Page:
Saturday, December 20, 2014

The Relationship Between Private Debt And Economic Instability

Lord Adair Turner states that private debt used to be around 50% of GDP and that the ratio is now around 180%.  He argues that economic instability increases when credit grows much faster than GDP.  This led to the financial crises and that the slow recovery is the result of a "debt hangover".  He would prefer to have an economy that is less dependent upon credit growth and more stable as a result.

 The growth in credit has been driven by investment in existing assets such as real estate.  To some extent this has been possible because of changes in the economy.  The fastest growing sector of the economy has been in high tech start ups like Facebook.  They have taken advantage of price deflation in information technologies to build firms that are less capital intensive than manufacturing.  They also decrease the demand for human capital which contributes to income inequality in two ways: wages fall and investors in high tech start ups have become extremely wealthy through stock price appreciation.  Much of this wealth is saved and helps to fund household borrowing for consumer products and residential real estate.

Ordinarily, interest rates could be used to limit credit growth.  That would have a negative effect on the economy.  Turner argues that macro prudential tools could limit credit growth by making credit more difficult to obtain by other means.

Wednesday, December 17, 2014

The Root Of The Russian Economic Problems

The Financial Times provides us with the data that helps us to understand the basic problem in the Russian economy.  Oil and gas account for around 75% of Russia's exports and around 50% of the government's budget revenues.  The drop in the price of oil to $60 from over $100 not too long ago is a huge barrier to overcome.  It is no wonder that the central bank expects the economy to shrink by over 4% in 2015. 

The problems created by the energy price shock have also led to capital flight which has caused the ruble to decline in value.  The central bank increased interest rates to limit the capital flight but it is not clear that this will be sufficient.  The decline in the value of the ruble will make imports much more expensive and increase the risk of inflation.  Its hard to determine what might happen when large numbers of people expect a decline in the value of the ruble, and consumers anticipate price inflation. 

Japan's Lost Decade and The US Lost Decade

Noah Smith provides an interesting story about lost decades.  In doing so he explodes a myth about Japan and also a myth about the US.  He also helps us to understand the importance of myths.  They are easier to understand than a more complex reality, and perhaps that is why they are so commonly used in societies that often held together by myths.  The reality of what has happened in the US and in Japan is not that hard to understand if one looks at some simple data and a few facts.  Smith does a good job of uncovering the reality and exploding a common myth.  For most people, however, the myth will prevail over reality.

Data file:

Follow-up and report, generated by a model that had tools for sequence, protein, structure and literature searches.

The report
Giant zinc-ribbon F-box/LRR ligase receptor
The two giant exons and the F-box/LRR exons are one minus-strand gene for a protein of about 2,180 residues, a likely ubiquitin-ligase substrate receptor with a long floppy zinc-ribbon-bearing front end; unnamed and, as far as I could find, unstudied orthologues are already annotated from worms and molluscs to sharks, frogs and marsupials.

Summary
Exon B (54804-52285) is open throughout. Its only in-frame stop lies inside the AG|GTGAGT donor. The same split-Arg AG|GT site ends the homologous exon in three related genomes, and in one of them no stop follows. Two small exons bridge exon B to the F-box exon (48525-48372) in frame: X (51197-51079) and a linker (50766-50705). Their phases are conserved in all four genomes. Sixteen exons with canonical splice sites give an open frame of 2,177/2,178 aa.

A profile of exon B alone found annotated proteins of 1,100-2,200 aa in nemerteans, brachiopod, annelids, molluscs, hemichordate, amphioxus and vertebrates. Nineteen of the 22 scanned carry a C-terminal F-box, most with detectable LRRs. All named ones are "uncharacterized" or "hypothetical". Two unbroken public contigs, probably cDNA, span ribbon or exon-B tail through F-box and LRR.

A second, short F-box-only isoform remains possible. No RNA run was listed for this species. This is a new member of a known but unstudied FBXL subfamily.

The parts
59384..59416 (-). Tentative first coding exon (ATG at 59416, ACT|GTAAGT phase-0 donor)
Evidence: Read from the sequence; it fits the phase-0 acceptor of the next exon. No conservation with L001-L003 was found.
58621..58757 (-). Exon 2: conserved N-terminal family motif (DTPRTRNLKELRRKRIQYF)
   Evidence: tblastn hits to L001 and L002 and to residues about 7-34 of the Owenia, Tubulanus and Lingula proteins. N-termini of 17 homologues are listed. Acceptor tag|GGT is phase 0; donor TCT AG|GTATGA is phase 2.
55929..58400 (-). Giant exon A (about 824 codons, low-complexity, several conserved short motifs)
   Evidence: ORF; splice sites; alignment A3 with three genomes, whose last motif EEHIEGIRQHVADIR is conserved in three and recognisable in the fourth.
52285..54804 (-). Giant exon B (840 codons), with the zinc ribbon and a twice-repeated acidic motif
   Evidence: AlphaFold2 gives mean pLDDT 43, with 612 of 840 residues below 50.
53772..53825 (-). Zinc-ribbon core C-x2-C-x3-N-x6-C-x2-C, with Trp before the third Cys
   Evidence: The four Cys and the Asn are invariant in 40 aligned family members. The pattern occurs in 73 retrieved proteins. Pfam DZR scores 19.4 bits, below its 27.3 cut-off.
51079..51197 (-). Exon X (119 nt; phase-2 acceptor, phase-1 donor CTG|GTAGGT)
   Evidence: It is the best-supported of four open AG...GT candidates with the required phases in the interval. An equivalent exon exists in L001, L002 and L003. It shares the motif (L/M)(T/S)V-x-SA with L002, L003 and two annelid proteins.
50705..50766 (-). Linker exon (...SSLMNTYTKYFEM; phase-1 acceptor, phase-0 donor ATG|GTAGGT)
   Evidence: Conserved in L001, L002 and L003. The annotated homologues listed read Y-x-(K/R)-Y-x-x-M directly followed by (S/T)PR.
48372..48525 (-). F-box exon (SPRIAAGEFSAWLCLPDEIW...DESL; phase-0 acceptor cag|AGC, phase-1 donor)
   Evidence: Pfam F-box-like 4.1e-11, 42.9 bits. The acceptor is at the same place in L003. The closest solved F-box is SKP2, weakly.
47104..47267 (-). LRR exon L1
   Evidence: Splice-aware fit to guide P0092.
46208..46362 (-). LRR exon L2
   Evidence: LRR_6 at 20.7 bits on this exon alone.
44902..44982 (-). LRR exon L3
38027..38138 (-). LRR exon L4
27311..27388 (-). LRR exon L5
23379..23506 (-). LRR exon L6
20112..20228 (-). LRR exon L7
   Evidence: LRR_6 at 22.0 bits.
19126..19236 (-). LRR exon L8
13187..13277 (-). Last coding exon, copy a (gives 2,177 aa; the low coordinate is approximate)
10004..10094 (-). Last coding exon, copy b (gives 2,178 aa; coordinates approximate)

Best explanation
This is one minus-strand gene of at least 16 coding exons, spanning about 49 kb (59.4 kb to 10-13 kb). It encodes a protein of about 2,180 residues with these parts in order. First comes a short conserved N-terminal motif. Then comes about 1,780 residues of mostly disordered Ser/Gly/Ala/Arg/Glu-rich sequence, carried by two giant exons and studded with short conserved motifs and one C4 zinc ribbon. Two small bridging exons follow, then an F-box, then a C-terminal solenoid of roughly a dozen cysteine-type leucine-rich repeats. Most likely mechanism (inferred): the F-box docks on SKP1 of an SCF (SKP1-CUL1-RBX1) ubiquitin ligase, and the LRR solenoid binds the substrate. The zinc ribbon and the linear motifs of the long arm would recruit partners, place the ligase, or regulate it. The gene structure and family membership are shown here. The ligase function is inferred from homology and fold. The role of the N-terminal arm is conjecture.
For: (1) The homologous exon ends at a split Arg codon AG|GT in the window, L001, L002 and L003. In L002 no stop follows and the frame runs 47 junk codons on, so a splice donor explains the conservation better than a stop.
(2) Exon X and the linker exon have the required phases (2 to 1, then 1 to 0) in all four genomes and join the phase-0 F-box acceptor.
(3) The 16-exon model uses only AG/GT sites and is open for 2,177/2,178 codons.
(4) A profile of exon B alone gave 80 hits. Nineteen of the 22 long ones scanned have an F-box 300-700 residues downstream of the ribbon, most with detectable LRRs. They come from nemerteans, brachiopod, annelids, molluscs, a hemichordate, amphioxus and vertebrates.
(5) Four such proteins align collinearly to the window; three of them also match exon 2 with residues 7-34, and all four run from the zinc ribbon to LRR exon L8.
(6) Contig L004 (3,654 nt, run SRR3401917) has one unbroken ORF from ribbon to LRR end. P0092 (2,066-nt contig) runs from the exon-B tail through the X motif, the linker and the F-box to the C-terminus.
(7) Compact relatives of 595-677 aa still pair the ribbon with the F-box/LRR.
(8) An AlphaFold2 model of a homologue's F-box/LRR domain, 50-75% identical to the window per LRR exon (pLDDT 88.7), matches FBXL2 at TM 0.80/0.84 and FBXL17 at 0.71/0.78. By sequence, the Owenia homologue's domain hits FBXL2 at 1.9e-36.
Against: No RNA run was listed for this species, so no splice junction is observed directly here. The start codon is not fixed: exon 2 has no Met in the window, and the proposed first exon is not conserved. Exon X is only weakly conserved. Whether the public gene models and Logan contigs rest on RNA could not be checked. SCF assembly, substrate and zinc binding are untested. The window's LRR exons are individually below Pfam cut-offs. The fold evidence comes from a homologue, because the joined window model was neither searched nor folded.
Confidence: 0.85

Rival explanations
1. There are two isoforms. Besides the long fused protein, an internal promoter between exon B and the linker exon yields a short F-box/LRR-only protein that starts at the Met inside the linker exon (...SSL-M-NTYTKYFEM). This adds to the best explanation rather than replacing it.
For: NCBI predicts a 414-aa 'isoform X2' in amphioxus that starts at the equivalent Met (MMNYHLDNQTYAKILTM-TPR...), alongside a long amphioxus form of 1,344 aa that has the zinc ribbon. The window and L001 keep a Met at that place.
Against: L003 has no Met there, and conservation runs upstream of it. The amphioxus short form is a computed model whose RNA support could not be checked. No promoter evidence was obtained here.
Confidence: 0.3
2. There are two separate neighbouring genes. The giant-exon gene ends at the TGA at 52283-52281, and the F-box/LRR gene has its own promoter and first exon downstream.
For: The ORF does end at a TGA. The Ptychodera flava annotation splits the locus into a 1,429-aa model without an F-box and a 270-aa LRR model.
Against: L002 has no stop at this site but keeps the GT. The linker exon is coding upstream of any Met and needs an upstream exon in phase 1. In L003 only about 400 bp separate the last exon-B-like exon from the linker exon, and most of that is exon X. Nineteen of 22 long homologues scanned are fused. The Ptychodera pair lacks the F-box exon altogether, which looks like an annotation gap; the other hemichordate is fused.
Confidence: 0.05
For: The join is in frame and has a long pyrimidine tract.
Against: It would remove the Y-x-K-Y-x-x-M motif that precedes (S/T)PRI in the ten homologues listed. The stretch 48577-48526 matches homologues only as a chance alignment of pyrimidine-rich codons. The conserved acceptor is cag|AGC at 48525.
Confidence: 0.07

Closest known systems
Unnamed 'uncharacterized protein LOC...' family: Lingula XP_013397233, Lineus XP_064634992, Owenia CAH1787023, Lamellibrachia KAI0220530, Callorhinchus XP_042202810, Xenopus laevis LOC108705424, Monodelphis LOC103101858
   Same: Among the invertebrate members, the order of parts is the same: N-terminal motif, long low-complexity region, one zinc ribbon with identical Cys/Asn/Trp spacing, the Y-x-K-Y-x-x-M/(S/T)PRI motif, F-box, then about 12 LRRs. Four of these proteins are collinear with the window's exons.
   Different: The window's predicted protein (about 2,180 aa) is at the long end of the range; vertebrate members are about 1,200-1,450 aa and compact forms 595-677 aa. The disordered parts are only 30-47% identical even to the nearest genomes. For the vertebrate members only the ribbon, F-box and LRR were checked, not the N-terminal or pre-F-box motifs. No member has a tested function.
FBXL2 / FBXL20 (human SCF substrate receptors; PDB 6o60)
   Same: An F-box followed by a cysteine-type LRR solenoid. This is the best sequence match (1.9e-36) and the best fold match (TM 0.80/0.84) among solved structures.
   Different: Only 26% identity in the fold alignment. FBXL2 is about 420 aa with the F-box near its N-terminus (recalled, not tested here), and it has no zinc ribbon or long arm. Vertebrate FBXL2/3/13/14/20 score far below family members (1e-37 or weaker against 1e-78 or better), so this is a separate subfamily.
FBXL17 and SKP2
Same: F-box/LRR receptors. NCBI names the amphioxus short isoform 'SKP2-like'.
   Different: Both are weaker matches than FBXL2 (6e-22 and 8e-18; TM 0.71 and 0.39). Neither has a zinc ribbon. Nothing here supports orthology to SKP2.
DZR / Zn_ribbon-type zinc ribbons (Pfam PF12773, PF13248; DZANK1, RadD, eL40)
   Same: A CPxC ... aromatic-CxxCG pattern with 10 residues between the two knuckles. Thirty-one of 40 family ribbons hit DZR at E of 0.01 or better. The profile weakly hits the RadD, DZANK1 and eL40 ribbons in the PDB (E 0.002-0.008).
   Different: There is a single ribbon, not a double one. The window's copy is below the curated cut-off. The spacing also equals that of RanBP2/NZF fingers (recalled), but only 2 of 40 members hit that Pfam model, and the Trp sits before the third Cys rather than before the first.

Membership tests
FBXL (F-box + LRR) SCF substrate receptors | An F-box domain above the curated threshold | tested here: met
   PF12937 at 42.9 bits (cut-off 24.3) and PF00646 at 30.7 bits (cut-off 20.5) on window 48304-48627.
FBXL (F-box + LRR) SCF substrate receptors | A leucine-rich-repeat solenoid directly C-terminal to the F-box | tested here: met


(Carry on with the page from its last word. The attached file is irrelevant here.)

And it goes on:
What's Good For Wall Street Is Primarily Good For Wall Street

This article raises questions about the value that we get from Wall Street.  The primary role of the banking system is to allocate capital to its most productive uses.  One would expect that there would be a positive relationship between the growth in the finance sector and growth in the economy.  Instead we find a negative relationship between these two variables.  The finance sector's share of the economy has doubled over the last 50 years; it has grown six times faster than GDP in the last 30 by using computer technology to develop new products.  It would appear, however, that the increase in productivity has not been shared with the greater economy.  Wall Street continues to extract 2% of the transaction value for itself.  Perhaps that is why 20% of the top .01% income earners are in the relatively small financial sector.

Outsized compensation is the financial sector also attracts many of our brightest students to the financial sector.  They are smart enough to follow the money.  We might be better off if our brightest students went into research.  One dollar invested in research produces $5 in economic growth.  The same amount going to finance reduces growth by 60 cents.

This article raises several questions about the value received by the growth in the financial industry.  Perhaps it is a mistake to expect Wall Street to be much different from any other sector in our economy.  The management of most firms have a common goal.  They want to increase shareholder value and executive compensation.  In order to do that in a competitive market they may have to compete on price and product quality.  The finance sector does not sell commodity products and it price competition is less common than it is in the industrial sector.  Two recent examples suggest that Wall Street has some advantages over industrial firms.  During the dotcom boom Wall Street made a lot of money by underwriting high tech firms and taking them public.  They earned fees by taking them public even if the companies that that they promoted eventually failed.  They were supported in this effort by cheer leaders on TV networks designed for that purpose.  They provided the public with a powerful incentive to get rich by investing in businesses that they understood to be very risky.  Each of the Wall Street firms competed in the same game.  They all charge the same fee to the firm that they took public.  The nature of the competition is based upon personal relationships and access to large investors who were in line to purchase the shares.  It was not uncommon for the first investors to make a huge gain after the public offering by selling their shares in the secondary market as soon as they could.